Kayaking in Antarctica offers adventurers a rare opportunity to intimately explore the icy coastal landscapes and wildlife that resides in the surrounding oceans of the White Continent. Gliding through frigid waters in double kayaks with the guidance of expert polar guides allows you to discover secluded bays, observe curious whales and seals up close, and watch as scores of penguins swim out to feed and weave through brash ice. From a distance, towering bergs and bright blue glaciers seen from sea level is an unforgettable experience.

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The perspective aboard a kayak is ideal for photographers searching for that unique shot with an impossibly beautiful vantage point. Naturalists and visitors that decide to go kayaking often say they feel at one with the ocean and wildlife they encounter. Every day is different, from the varied ice formations to the vast assortment of wildlife that frequent the calm Antarctic fjords.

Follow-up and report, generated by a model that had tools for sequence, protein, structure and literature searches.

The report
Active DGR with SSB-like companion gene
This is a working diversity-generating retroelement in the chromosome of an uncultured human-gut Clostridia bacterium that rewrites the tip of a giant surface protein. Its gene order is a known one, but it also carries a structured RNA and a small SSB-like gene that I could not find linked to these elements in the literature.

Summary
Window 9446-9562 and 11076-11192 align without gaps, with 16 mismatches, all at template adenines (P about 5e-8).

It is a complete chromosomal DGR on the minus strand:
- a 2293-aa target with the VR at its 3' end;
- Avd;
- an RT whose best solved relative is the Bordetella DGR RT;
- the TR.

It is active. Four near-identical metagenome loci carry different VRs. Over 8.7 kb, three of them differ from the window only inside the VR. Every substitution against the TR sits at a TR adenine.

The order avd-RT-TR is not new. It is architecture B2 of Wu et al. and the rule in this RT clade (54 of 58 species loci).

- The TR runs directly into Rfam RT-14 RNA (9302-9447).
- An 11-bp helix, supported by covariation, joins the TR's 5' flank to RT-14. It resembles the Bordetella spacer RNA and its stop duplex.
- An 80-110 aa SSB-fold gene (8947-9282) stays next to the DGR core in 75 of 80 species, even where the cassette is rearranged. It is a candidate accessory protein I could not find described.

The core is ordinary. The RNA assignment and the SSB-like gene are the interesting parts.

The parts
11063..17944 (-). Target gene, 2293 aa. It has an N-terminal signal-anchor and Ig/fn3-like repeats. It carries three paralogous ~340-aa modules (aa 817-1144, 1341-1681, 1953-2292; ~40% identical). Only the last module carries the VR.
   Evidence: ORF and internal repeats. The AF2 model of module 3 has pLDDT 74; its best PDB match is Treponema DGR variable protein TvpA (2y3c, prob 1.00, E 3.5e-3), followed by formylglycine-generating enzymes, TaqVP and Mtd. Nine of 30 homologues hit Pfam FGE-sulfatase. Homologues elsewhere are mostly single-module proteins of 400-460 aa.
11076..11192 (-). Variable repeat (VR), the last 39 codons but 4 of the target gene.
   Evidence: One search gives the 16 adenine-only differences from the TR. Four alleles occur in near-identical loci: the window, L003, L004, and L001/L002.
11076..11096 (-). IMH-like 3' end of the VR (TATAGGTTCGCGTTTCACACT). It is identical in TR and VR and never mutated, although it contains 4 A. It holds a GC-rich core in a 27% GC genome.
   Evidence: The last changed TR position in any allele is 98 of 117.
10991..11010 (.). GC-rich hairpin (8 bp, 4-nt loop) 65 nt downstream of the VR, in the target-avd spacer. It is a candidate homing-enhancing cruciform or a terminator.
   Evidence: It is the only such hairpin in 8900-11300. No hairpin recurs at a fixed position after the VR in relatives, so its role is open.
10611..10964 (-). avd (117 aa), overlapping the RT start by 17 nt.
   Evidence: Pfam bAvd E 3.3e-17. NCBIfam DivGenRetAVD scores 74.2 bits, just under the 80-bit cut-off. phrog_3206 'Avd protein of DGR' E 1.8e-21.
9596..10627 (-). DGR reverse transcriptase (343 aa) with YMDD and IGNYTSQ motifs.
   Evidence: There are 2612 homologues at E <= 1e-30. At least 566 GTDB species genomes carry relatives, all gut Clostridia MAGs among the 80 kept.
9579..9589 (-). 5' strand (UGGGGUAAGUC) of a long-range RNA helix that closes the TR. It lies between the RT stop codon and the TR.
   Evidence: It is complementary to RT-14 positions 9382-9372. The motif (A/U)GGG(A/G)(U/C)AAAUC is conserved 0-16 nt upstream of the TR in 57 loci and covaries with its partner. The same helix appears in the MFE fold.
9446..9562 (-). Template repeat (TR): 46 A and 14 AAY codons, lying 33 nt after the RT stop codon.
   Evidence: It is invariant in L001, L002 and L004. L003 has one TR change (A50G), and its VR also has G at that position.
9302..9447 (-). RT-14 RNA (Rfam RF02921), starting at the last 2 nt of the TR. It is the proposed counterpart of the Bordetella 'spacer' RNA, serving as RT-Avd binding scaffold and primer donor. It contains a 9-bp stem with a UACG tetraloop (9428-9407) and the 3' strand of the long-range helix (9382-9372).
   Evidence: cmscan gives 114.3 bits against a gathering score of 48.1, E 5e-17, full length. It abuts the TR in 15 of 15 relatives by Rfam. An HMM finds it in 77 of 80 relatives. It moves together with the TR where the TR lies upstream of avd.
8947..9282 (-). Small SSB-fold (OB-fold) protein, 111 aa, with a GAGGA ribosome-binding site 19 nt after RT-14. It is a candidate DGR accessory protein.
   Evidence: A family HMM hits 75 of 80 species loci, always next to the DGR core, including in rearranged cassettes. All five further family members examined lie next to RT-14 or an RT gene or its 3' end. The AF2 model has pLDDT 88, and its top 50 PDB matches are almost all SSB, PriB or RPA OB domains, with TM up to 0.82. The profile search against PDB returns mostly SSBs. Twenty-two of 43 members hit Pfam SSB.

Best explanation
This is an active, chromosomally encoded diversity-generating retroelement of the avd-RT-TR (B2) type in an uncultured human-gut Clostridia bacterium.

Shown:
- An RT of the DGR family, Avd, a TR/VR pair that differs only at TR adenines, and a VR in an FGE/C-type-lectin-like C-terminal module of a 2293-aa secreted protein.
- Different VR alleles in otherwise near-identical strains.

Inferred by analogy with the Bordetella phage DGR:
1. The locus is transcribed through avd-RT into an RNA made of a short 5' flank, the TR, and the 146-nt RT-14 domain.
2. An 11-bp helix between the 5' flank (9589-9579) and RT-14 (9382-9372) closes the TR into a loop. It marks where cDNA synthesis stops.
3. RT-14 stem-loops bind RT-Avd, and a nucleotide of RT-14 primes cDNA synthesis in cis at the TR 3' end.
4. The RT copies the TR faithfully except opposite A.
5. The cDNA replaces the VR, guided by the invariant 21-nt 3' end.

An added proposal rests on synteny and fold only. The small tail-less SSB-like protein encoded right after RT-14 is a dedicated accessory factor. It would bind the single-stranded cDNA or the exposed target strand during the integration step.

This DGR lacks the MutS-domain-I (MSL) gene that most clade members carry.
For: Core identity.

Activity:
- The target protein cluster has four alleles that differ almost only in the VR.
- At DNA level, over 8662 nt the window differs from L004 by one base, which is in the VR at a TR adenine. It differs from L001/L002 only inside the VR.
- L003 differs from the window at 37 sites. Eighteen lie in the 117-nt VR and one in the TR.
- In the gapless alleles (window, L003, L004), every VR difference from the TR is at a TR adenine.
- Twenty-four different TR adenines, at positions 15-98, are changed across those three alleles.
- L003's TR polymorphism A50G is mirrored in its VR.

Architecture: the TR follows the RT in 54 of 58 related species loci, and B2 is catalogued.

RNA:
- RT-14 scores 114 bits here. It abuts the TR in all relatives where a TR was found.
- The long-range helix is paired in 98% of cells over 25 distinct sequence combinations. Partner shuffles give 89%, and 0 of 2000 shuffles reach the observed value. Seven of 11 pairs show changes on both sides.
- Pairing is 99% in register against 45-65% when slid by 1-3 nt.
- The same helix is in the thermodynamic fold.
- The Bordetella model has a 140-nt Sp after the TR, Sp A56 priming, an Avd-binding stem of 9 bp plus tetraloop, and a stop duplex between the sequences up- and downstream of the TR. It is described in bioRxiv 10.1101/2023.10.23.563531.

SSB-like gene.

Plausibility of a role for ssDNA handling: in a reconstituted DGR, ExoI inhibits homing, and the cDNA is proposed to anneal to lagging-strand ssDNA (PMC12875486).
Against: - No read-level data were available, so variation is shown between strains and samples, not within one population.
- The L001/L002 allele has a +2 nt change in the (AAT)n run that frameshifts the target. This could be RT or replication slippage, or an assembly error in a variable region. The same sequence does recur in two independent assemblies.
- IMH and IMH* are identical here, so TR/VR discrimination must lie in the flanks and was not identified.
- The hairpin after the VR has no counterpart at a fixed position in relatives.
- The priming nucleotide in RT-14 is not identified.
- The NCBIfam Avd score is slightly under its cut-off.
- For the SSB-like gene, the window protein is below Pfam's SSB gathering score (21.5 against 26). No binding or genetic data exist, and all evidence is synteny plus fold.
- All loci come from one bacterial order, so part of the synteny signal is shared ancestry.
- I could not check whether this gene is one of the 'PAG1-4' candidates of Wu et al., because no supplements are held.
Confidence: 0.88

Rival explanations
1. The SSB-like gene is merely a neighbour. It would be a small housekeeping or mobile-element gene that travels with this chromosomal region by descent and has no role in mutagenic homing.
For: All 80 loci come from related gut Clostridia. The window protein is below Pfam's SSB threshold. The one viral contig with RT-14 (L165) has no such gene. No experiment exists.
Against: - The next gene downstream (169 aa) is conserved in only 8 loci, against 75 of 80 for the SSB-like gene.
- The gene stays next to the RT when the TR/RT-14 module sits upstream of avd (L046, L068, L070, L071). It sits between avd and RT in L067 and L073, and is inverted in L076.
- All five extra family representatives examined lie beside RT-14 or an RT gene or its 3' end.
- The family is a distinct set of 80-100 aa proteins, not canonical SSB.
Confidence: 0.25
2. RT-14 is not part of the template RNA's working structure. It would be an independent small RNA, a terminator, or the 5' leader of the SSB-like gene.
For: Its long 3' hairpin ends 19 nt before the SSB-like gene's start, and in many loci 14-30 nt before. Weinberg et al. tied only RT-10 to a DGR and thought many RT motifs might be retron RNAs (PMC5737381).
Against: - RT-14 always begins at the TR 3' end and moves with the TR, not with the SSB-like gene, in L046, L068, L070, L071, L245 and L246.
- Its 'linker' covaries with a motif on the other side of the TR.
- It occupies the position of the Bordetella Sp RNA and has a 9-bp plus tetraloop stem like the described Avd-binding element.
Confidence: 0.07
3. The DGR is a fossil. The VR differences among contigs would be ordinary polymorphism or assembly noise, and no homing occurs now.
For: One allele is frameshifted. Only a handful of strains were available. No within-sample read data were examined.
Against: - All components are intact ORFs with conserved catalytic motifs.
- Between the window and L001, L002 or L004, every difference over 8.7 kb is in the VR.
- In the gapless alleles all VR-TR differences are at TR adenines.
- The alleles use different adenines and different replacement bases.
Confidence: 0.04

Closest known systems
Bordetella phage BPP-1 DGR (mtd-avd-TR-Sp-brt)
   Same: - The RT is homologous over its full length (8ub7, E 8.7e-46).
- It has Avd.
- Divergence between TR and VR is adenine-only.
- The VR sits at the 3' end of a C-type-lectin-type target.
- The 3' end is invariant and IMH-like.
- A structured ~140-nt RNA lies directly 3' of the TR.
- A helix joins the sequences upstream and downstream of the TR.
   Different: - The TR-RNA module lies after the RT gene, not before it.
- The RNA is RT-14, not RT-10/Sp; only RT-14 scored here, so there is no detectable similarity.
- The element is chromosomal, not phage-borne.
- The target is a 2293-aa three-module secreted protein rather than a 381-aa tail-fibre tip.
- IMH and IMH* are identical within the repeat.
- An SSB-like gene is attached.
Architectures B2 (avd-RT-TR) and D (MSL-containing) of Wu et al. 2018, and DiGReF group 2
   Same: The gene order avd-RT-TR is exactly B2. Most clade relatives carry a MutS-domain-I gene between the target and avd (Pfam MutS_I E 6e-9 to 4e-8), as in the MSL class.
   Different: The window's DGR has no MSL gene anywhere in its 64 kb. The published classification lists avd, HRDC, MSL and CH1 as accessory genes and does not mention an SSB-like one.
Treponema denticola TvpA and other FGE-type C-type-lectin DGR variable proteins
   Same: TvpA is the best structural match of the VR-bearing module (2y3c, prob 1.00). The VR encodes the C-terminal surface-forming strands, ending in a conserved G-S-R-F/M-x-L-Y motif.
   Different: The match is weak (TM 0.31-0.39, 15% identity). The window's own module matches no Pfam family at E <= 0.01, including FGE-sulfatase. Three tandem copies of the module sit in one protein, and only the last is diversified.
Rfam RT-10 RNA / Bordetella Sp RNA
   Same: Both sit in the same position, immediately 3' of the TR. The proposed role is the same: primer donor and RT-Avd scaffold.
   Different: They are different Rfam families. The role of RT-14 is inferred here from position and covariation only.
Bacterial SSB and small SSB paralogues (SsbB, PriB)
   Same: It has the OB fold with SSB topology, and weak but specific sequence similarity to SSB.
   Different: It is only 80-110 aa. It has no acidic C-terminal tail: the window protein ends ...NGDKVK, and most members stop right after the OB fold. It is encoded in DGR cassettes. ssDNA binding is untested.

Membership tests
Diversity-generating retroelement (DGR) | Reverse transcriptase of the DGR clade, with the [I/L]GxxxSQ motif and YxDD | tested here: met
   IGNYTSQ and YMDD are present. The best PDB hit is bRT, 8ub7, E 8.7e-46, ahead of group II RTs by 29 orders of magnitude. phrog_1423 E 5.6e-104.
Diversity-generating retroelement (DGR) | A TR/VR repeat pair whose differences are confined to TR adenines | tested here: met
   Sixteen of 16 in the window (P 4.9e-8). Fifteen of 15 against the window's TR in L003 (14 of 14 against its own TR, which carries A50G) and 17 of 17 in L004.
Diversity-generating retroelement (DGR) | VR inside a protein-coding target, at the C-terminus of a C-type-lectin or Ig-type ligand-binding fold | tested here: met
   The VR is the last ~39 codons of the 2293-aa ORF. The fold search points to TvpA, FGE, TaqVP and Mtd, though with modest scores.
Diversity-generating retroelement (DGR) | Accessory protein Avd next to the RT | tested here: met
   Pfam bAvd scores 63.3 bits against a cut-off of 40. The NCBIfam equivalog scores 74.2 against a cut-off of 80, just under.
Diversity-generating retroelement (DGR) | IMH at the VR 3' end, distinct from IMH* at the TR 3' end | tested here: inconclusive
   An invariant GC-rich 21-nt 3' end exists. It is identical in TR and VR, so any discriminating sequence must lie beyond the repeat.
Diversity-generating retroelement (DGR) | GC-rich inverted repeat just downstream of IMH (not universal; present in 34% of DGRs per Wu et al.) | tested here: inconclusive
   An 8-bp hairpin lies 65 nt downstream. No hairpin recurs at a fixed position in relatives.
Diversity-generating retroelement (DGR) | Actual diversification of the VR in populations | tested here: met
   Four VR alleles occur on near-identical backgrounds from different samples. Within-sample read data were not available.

–Anna Zuckerman-Vdovenko
Expedition Designer – Secret Atlas

Why Go Kayaking in Antarctica

Kayaking Antarctica

Get closer to Antarctica’s stunning icescapes and varied wildlife than is possible on land or aboard a ship

Kayaking in Antarctica

Paddle in small groups for a more personalized, peaceful experience

Kayakers in Antarctica

Stay active while exploring the dramatic Antarctic environment

A group of Kayakers in Antarctica

See sights not visible to regular cruise passengers

Appreciate the grandeur and silence of Antarctica at water level

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What to Expect During an Antarctica Kayaking Expedition